Reconnect shattered the shell of my heart this past week.
We all have been disconnected from loved ones, routines, work, church, and community as we used to know it.
We have been living in cocoons, unconnected except for online chats, Facetime, and endless Zoom meetings. I am zoomhausted!
At last, a sunny warm day in northwest Ohio graced our lives and I emerged like a mama bear after a long cold winter of hibernation. I stretched. Put on my favorite walking shoes. And hubby and I ventured along the one-mile trek surrounding our little village.
I love to walk and to finally journey outside felt like Christmas morning. Yet remember my image above – the mama bear – yep I was groggy, sluggish, and bit disoriented. I hungered for movement and focused on each step, stretching stale muscles. Off we went.
Our route took us past Edon’s famous Dairy Treat, a locally owned and loved throughout the region for treats and a quick dinner. They just recently reopened and that plus the great weather brought out the crowds. Cars lined up down the street and filled up the adjacent church parking lot. People waited in lines, yet at proper social distancing, eager for something sweet to celebrate our freedom from our caves of isolation.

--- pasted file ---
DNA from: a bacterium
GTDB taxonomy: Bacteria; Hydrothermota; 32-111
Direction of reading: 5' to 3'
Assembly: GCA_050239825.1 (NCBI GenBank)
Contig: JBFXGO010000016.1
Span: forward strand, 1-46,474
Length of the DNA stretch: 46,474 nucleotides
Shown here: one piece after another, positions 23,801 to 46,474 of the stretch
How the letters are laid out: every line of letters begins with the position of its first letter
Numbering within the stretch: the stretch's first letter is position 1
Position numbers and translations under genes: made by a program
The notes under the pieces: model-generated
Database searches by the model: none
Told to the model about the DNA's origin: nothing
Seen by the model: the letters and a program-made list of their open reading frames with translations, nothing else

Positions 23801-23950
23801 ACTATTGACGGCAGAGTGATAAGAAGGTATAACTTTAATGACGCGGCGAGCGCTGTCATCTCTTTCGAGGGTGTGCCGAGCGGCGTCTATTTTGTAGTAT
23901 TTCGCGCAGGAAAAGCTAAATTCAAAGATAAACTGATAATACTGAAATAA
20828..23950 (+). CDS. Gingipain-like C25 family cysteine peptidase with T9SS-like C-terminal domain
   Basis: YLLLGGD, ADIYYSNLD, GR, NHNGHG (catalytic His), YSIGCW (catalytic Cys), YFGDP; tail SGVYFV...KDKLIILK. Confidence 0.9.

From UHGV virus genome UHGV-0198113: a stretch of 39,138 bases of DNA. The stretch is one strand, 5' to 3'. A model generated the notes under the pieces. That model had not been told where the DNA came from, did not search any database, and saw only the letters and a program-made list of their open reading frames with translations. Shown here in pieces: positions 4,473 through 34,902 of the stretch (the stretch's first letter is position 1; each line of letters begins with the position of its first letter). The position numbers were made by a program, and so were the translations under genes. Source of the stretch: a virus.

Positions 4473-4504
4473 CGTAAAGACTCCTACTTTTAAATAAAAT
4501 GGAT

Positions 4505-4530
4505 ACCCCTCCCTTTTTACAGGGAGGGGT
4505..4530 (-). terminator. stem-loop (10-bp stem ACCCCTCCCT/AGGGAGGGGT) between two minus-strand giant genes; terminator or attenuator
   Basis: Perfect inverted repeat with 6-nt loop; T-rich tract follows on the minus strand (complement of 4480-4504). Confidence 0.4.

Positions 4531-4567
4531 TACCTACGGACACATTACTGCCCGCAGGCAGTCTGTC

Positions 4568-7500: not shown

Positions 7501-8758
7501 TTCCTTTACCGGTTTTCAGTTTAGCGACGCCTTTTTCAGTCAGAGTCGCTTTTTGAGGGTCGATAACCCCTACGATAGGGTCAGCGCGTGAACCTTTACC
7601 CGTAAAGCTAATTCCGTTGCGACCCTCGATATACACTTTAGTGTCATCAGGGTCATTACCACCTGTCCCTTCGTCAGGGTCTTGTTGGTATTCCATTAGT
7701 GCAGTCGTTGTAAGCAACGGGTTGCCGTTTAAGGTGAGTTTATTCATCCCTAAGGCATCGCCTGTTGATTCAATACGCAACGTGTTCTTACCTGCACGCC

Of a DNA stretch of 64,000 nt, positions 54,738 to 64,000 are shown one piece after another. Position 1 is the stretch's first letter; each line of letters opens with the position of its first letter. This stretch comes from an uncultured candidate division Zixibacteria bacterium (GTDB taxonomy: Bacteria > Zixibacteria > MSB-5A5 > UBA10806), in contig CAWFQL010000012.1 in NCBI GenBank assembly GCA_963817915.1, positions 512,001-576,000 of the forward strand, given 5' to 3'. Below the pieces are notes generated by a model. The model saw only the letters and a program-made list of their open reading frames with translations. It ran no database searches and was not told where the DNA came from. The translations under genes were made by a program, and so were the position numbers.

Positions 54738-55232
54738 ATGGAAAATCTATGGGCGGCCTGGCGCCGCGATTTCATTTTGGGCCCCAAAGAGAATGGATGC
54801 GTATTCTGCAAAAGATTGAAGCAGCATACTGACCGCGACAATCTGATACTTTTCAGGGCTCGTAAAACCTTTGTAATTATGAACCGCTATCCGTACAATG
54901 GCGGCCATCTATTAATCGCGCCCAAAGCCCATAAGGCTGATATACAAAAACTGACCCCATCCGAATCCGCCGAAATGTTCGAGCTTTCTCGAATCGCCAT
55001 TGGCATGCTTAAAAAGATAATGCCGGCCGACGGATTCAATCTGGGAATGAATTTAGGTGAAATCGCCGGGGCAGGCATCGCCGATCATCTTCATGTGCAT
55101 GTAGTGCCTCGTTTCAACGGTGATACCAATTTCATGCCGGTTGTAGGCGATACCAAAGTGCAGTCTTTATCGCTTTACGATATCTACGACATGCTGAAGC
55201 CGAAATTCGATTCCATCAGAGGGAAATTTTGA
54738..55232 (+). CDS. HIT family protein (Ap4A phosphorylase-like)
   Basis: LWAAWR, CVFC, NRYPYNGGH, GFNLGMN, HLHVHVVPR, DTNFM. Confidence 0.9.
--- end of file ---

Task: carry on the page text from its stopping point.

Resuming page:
As we marched by on our determined mission to get our walking complete, a friend rolled down her window and yelled her hello. Her smile beckoned us closer and she too hungry for interaction waved us closer.
Now comes what I regret.
We countered with a obligatory hello back to her.
We kept walking.
Guilt descended onto my spirit.
I should have stopped.
I could have stayed the required 6 feet away and visited for a while.
Under normal circumstances I would have connected with her for a friendly lifegiving visit.
The should’s, could’s and would’s shamed my spirit.
What was wrong with me?
I have learned on my spiritual walk to pay attention whenever anything – a good feeling or like this, an uncomfortable jarring experience, reverberates in my soul.
I have learned to let go of the emotion of anger, embarrassment and shame and pick up the tool of curiosity.
I wondered why I reacted that way.
Mama bears wake up sluggishly. A butterfly evolves from its cocoon gently. My introverted self, disconnected from the outside world for seven-plus weeks, needed time to connect. I hadn’t realized I required more space for reconnection.
Some people – extroverts? – love to jump right into the pool with a big splash and the glee of reentering the fun.
Others, like me, like to dip our toes in first, sit on the edge dangling our legs, then slowly and deliberately rejoining humanity.